Saudi Arabia will allow women to live alone without permission from a male “guardian”, bringing an end to a rule that attracted condemnation from human rights campaigners internationally.
The development comes after the Kingdom introduced a legal amendment to grant women the right to live in separate accommodation, the newspaper reported.
Judicial authorities have replaced a legal statute stipulating that a male guardian has authority over a woman’s living circumstances with a new text stating: “An adult woman has the right to choose where to live. A woman’s guardian can report her only if he has evidence proving she committed a crime.”
The development follows a 2019 decree allowing women to travel abroad without approval from a guardian, following a series of attempts by women in the Kingdom to escape their guardians.
Under the kingdom’s guardianship system, women are considered to be legal minors, giving their male guardians authority over their decisions. Often a woman’s male guardian is her father or husband and in some cases a woman’s own son.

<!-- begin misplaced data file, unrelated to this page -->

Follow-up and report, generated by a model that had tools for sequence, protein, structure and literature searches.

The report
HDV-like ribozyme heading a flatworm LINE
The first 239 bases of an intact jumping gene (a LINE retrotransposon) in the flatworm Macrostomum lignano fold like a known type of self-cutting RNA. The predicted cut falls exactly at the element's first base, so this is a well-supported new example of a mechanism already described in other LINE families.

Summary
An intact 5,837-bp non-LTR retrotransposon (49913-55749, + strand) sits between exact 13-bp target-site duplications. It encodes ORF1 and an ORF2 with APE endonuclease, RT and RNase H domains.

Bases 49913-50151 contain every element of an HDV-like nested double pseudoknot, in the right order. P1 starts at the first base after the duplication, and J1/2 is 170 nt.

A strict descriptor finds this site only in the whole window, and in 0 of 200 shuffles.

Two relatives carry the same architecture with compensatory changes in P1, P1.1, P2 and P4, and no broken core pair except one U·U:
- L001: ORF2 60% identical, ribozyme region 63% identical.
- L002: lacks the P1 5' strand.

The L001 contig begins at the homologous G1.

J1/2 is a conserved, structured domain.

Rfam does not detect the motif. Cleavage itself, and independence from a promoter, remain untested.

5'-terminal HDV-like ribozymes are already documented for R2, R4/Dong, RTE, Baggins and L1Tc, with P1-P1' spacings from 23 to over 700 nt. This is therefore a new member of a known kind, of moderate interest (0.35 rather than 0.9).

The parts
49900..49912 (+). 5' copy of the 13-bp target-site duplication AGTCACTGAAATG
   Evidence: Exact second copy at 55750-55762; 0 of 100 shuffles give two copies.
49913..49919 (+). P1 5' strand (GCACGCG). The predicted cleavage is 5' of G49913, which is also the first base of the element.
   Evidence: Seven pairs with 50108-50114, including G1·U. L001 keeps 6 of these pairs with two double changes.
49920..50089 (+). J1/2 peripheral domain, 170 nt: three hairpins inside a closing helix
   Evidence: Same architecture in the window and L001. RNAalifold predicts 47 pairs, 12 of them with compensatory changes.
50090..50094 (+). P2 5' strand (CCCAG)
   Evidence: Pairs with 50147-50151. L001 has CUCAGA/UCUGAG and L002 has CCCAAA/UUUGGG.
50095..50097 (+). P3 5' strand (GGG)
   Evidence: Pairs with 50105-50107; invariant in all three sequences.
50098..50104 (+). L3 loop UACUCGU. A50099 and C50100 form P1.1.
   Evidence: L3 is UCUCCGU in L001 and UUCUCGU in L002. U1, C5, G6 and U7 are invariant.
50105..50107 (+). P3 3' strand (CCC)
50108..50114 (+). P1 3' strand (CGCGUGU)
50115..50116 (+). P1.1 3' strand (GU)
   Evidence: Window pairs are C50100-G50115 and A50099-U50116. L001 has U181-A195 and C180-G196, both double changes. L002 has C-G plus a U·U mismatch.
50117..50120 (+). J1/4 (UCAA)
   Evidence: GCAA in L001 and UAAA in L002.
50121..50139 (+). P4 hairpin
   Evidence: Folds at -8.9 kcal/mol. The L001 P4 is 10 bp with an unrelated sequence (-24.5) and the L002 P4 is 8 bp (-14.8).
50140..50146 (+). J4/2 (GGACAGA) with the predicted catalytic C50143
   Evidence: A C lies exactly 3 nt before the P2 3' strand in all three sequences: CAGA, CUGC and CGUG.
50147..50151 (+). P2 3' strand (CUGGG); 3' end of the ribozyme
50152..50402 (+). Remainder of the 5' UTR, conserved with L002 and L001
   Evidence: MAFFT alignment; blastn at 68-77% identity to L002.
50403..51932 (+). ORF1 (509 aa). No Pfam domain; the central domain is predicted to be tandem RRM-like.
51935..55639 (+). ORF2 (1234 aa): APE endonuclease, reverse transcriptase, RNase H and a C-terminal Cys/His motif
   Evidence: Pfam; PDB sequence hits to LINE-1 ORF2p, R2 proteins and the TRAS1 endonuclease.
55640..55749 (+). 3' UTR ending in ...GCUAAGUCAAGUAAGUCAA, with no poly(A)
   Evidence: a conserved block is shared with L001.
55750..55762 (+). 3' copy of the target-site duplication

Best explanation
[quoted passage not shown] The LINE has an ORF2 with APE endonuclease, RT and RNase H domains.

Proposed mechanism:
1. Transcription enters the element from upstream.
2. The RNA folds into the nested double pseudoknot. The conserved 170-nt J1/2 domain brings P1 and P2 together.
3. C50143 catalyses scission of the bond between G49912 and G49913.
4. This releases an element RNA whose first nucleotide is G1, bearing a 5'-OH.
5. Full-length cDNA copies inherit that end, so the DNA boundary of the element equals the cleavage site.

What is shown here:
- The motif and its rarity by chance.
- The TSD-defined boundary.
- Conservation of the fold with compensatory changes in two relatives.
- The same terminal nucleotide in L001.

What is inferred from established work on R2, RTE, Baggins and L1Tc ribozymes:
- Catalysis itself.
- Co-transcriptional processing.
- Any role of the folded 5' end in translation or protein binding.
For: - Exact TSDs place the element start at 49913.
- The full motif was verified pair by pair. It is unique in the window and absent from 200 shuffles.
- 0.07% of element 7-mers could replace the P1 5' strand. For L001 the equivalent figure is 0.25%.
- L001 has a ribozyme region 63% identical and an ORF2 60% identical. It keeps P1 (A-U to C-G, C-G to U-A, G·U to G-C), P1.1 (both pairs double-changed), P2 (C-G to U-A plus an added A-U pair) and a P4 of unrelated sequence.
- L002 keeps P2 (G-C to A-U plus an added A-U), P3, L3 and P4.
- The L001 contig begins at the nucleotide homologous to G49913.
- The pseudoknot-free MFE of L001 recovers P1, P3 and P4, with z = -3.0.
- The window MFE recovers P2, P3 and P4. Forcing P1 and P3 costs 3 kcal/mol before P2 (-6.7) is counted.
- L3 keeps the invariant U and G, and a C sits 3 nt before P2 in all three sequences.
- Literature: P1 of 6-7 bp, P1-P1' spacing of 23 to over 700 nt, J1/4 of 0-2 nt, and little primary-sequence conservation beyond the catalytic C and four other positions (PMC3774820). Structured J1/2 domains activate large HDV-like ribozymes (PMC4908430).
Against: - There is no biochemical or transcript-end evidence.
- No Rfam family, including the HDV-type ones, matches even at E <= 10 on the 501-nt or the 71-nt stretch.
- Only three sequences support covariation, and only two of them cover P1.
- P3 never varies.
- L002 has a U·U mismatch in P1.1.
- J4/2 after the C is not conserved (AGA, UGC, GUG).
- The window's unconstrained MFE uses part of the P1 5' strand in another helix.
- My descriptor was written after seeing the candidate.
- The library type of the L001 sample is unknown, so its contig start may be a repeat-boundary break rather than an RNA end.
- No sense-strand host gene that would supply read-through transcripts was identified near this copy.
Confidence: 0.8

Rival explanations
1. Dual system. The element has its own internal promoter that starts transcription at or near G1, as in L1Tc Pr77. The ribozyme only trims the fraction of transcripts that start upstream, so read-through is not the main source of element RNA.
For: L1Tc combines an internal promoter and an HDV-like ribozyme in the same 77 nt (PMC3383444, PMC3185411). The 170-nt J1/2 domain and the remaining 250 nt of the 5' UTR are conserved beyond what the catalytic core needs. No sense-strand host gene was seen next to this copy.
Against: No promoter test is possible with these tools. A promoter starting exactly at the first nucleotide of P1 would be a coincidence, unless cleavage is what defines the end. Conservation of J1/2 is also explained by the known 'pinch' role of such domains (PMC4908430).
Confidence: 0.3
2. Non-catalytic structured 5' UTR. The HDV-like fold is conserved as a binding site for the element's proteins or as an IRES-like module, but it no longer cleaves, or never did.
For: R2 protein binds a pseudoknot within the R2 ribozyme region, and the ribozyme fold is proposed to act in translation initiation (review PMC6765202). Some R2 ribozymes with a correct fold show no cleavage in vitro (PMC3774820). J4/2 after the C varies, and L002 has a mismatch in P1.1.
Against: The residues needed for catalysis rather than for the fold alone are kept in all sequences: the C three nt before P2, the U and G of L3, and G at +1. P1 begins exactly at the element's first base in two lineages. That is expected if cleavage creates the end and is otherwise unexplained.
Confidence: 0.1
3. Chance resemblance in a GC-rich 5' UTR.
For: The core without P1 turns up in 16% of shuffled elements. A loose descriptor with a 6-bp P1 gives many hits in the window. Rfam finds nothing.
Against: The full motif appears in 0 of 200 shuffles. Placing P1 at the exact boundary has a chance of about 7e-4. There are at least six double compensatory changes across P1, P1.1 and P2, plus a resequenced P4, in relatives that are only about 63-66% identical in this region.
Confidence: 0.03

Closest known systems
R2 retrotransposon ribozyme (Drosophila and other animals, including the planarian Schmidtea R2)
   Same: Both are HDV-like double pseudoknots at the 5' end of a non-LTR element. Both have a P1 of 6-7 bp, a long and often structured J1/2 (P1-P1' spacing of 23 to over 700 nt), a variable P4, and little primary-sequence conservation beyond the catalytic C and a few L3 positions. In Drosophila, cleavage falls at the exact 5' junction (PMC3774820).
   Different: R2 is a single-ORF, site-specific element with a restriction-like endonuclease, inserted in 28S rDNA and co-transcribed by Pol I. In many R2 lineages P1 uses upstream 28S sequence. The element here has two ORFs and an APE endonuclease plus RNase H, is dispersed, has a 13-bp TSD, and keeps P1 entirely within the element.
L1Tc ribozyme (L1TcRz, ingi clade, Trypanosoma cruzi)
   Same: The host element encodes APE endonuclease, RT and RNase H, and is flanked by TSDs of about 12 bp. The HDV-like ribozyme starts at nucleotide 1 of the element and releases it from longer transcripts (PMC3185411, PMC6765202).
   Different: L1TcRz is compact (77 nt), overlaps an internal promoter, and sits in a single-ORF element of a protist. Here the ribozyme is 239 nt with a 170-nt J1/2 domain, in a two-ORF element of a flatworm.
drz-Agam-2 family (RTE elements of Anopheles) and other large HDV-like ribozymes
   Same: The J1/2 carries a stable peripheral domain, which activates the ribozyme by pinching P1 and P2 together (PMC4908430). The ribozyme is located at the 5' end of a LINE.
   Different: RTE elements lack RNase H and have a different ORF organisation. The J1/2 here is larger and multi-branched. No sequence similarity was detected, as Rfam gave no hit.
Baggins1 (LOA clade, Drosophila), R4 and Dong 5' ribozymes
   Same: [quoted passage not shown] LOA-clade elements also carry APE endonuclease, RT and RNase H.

Under the 2019 reforms, a Saudi passport should be issued to any citizen who applies for it and that any person above the age of 21 does not need permission to travel.
The amendments also granted women the right to register child birth, marriage or divorce and to be issued official family documents. Saudi women are also eligible to be guardians to children who are minors.
The move follows a historic ruling in July 2020, that found that 32-year-old Mariam Al Otaibi had “the right to choose where to live” after her family sued her for living and traveling alone under an “absenteeism” law.
Ms Al Otaibi was arrested in 2017 after moving to Riyadh in opposition to her family’s wishes. She said she had travelled 400km from her family home after being abused by her father and brothers.
Although there have been a series of reforms of the guardianship system in recent years, human rights campaigners have been at pains to underline that women’s rights activists continue to be silenced and that the progress made should not be overstated.
“The world is being told that Saudi Arabia is modernising on women’s rights,” Human Rights Watch researcher Hiba Zayadin wrote last year following reforms to guardianship laws. “But the reality is that with no organized women’s rights movement or environment in which women can safely and openly demand their rights, there is little room for further advances.”
In April, Saudi women shared their experiences of sexual harassment on Twitter, calling for the abolition of the Kingdom’s discriminatory male guardianship system.